Why Wonder Woman Was the Best (If Flawed) Spokesperson for Women’s Rights

Wonder Woman can do just about anything, from fly an invisible jet to deflecting bullets with her wristbands, but she can no longer be an Ambassador for the United Nations. While the UN says that her stint as an Ambassador was meant to be short, it also comes in response to a petition asking that she be removed. Here is an excerpt from the petition. The bold is in the original.

At a time when issues such as gender parity in senior roles and the prevention of sexual exploitation and abuse of women and girls is at the top of the United Nation’s agenda, including the “He for She” campaign, this appointment is more than surprising. It is alarming that the United Nations would consider using a character with an overtly sexualized image at a time when the headline news in United States and the world is the objectification of women and girls. The image that Wonder Woman projects (life-size cut outs of which have already appeared at UNHQ) is not culturally encompassing or sensitive -attributes the United Nations expects all its staff members to embody in the core value of respect for diversity.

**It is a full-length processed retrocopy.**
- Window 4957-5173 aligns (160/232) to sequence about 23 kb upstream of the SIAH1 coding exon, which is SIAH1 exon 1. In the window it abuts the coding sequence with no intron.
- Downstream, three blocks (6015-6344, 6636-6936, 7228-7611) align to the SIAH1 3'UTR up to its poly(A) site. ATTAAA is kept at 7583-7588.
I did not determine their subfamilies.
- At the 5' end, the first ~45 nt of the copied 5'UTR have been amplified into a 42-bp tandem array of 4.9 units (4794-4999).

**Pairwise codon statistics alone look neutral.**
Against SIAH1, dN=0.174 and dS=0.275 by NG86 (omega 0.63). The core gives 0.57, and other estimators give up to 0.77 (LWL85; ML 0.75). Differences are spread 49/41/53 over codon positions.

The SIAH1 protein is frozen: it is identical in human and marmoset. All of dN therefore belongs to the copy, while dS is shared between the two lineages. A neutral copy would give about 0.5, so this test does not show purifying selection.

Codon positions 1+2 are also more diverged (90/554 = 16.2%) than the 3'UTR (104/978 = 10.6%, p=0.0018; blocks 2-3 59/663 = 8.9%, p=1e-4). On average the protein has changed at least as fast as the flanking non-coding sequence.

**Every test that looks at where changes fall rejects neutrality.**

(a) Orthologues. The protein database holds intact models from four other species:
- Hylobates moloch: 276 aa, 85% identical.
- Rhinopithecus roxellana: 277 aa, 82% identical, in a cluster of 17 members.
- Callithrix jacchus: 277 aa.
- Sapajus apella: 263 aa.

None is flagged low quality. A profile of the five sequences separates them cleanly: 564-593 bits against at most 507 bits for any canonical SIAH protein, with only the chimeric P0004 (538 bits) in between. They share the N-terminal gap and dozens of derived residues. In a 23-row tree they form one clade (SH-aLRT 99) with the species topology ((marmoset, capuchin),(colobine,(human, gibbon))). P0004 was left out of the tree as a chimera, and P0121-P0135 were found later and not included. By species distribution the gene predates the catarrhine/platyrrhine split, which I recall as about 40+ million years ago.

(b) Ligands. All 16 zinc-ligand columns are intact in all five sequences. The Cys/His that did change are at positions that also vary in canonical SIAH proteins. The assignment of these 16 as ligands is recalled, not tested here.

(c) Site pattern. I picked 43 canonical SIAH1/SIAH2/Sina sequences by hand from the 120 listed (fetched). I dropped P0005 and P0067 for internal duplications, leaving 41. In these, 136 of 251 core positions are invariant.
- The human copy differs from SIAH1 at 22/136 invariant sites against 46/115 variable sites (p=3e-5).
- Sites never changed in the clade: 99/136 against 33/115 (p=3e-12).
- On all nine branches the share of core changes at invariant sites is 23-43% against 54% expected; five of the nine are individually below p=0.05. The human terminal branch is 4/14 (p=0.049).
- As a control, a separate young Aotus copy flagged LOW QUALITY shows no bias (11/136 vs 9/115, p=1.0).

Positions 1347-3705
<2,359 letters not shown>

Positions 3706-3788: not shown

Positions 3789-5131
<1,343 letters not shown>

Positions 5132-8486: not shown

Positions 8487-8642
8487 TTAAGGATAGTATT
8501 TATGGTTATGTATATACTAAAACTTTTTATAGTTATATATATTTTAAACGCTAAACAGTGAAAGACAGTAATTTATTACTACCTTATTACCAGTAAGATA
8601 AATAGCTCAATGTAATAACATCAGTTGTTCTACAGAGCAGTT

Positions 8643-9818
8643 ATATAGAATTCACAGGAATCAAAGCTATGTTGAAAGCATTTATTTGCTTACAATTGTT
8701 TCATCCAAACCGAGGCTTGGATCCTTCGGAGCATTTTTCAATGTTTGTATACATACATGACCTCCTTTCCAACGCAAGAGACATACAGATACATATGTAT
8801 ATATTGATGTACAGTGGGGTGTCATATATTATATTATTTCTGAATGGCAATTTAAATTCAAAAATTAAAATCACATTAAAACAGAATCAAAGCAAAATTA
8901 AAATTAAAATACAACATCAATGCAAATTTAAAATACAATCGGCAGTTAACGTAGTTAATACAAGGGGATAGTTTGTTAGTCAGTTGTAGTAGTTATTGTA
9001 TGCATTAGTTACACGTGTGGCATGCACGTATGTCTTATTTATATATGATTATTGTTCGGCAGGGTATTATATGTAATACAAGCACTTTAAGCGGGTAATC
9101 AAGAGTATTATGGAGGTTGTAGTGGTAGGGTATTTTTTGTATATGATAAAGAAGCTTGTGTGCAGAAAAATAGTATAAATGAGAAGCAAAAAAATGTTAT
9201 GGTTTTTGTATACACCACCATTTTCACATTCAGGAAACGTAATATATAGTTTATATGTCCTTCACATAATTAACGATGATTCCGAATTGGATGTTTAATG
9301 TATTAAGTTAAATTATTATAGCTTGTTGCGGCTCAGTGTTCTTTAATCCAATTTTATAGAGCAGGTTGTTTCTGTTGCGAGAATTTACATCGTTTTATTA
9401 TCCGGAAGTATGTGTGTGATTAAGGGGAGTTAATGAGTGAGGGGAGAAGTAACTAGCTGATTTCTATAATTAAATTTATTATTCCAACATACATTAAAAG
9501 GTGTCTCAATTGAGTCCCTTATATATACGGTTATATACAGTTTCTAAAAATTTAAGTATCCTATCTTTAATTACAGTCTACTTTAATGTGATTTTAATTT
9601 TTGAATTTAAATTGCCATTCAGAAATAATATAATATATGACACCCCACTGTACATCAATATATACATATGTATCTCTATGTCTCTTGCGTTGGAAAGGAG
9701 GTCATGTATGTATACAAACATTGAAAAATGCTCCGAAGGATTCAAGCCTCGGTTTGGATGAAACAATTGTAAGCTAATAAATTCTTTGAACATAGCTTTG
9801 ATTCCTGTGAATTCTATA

To keep reading, click here: Why Wonder Woman Was the Best (If Flawed) Spokesperson for Women’s Rights

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2 thoughts on “Why Wonder Woman Was the Best (If Flawed) Spokesperson for Women’s Rights

  1. I love Wonder Woman, and Linda Carter was absolutely the best personification. However, it is undeniable that Wonder Woman is an overtly sexualized image. With the possible exception of Thor, no male superheroes display bare legs or cleavage. Furthermore, her creator was heavily into damsels in distress themes, and the original storylines veer closely in the direction of sadomasochistic. But Wonder Woman always prevailed, with a lasso that could force people to tell the truth — God, how we could use one in this “post-fact” era! — her patriotism (she worked for the military) and her Amazonian self-reliance. All this being said, the petitioners have a point. It’s one thing to idealize — to the point of placing her on a pedestal — a fictional character, while on the other hand continuing to accept as normal the victimization of women that continues to occur Worldwide. We need to do more to recognize the female leaders, role models and — yes — heroines among us and to strengthen our resistance to the real-life discrimination against women that continues all around us.

  2. I found it interesting that the petitioners didn’t list themselves personally, only a generalized “concerned UN staffers.”

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